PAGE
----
Three words for you: Dachshund. Pattern. Baldness.
There’s really no way to introduce this delicately, so I decided to just spell it right out without beating around the bush. You may be chuckling to yourself already, thinking, “Is this chick for real?” But in truth, Dachshund Pattern Baldness is a very real medical affliction and is no laughing matter. Well, it is pretty funny to us humans, but still, emotionally trying on the dachshund.
Merlot and Moses both went a whole year of life with no symptoms of pattern baldness. My mom’s dachshund, Bella was the first to start showing signs, mind you she is five years old. It first began with minor hair loss on the under breast. We thought since that’s the general area that drags the ground the most, it was just from general “wear and tear.” Then, the hair loss spread all throughout her breast, chest, and stomach. Soon her tail had lost so much hair, it looked like a rat’s tail – very unattractive on a dachshund!
My mom had Bella tested for everything from cancer to thyroid problems to vitamin deficiencies, fungus and beyond. All tests came back negative and Bella continue to bald. I always just pointed and laughed at her, and made fun of my parents for being bad dachshund caregivers to have let this happen! Then…it happened to my dachshund.
Merlot was first; she has this tiny patch on her under breast that is just thinning away. It hasn’t really spread – it’s just in that one small area (the shape of a diamond):
Then came Moses. Moses has it bad. I first noticed it the other day when this chest bone (the manly adam apple-y one in the front under his throat) had almost no hair on it. The skin is as SOFT as a baby’s bottom and it is not red or irritated on either of the dogs (and they don’t itch it or anything!).
And you can imagine Moses’ horror. His pride and joy is his hair. Ever since he was a puppy he’s been prancing around the house showing us how he grew a new chest hair here or tail hair there. I feel so bad for the little fella. He’s extremely sensitive and so we can’t talk about it around him. He’d kill me if he knew about this blog post!
Here is some information I found on DPB:
Related terms: pinnal alopecia, saddle alopecia
What is pattern baldness?
With this condition there is gradual, symmetric thinning and loss of hair (alopecia) that usually begins by 6 to 9 months of age and progresses slowly until the affected areas are completely bald. Areas of hair loss are not itchy but may become darkened and scaly over time.
There are 3 different patterns of baldness that occur. In the most common syndrome, dachshunds and other breeds (mostly female animals) experience hair loss around the temples, underneath the neck, and on the chest, abdomen and back of the thighs. In dachshunds with pinnal alopecia (mostly male), the hair is gradually lost from both ears. Saddle alopecia occurs in American water spaniels and Portuguese water dogs, with hair loss underneath the neck, on the back of the thighs, and on the tail.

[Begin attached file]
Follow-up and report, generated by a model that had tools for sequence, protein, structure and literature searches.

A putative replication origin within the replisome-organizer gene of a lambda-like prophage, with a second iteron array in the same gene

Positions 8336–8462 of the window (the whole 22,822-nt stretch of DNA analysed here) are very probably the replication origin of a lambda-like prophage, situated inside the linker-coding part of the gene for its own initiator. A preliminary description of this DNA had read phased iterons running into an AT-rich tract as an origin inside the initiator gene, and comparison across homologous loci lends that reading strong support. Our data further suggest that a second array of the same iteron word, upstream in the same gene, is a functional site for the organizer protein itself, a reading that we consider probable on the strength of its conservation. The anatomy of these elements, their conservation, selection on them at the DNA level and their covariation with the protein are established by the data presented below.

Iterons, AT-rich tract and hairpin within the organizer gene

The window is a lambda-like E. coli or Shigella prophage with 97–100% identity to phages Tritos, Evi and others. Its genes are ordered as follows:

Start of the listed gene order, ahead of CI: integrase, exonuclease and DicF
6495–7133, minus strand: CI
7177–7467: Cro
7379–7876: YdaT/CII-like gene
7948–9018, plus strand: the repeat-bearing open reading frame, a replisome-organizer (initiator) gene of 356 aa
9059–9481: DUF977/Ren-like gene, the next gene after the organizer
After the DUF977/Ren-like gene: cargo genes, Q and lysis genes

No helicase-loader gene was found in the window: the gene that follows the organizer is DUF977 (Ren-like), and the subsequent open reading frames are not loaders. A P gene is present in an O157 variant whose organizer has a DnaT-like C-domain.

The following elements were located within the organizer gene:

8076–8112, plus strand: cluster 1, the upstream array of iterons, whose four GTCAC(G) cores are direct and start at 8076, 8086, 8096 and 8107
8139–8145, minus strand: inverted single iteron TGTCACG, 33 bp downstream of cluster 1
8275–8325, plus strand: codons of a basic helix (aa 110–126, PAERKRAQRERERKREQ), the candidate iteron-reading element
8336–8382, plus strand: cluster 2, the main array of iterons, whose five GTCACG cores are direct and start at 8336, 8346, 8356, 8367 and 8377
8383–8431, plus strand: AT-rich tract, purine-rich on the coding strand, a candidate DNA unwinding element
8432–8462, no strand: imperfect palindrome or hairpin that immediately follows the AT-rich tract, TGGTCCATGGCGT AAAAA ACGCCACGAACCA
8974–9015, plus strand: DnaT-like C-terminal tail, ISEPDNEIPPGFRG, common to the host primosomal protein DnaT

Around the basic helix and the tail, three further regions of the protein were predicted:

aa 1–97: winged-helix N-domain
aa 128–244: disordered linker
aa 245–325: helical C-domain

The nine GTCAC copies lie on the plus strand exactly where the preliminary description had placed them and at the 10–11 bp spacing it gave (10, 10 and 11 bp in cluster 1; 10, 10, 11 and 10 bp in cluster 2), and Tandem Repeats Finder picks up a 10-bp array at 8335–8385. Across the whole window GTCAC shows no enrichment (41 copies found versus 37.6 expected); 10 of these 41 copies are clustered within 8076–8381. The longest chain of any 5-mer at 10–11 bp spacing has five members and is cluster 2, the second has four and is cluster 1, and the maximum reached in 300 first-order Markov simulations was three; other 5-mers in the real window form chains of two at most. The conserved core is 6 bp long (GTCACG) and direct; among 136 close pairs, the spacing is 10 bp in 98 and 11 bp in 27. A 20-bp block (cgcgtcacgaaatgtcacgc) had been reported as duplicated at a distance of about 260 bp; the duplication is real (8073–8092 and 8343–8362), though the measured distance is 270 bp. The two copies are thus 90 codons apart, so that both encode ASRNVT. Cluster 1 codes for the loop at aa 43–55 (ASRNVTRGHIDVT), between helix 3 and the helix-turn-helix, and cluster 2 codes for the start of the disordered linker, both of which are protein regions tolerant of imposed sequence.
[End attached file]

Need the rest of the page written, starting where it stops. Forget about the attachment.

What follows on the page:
How is pattern baldness inherited?
What breeds are affected by pattern baldness?
Dachshunds are most commonly affected, and the condition is also seen in Boston terriers, Chihuahuas, greyhounds, Italian greyhounds, Manchester terriers, and whippets. Saddle alopecia occurs in American water spaniels and Portuguese water dogs.
For many breeds and many disorders, the studies to determine the mode of inheritance or the frequency in the breed have not been carried out, or are inconclusive. We have listed breeds for which there is a consensus among those investigating in this field and among veterinary practitioners, that the condition is significant in this breed.
What does pattern baldness mean to you and your dog?
Aside from the areas of hair loss, your dog's coat will be normal. There is usually no discomfort associated with this condition.
How is pattern baldness diagnosed?
The condition is diagnosed through clinical examination and ruling out other causes of hair loss.
How is pattern baldness treated?
There is no treatment to reverse the hair loss.
FOR MORE INFORMATION ABOUT THIS DISORDER, PLEASE SEE YOUR VETERINARIAN.
Resources: Scott, D.W., Miller, W.H., Griffin, C.E. 1995. Muller and Kirk's Small Animal Dermatology. p. 777 W.B. Saunders Co., Toronto. The HotDog Blog
Do you have a dachshund that suffers from DPB??? How are you helping him/her cope!?
Thank you for reading and I hope this helps someone out there who has been going through what we’ve been going through!!
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This entry was posted on 8:00 AM and is filed under Bridget , dachshund-health-issues , dachshund-help , Merlot-the-dachshund , Moses-the-dachshund . You can follow any responses to this entry through the RSS 2.0 feed. You can leave a response, or trackback from your own site.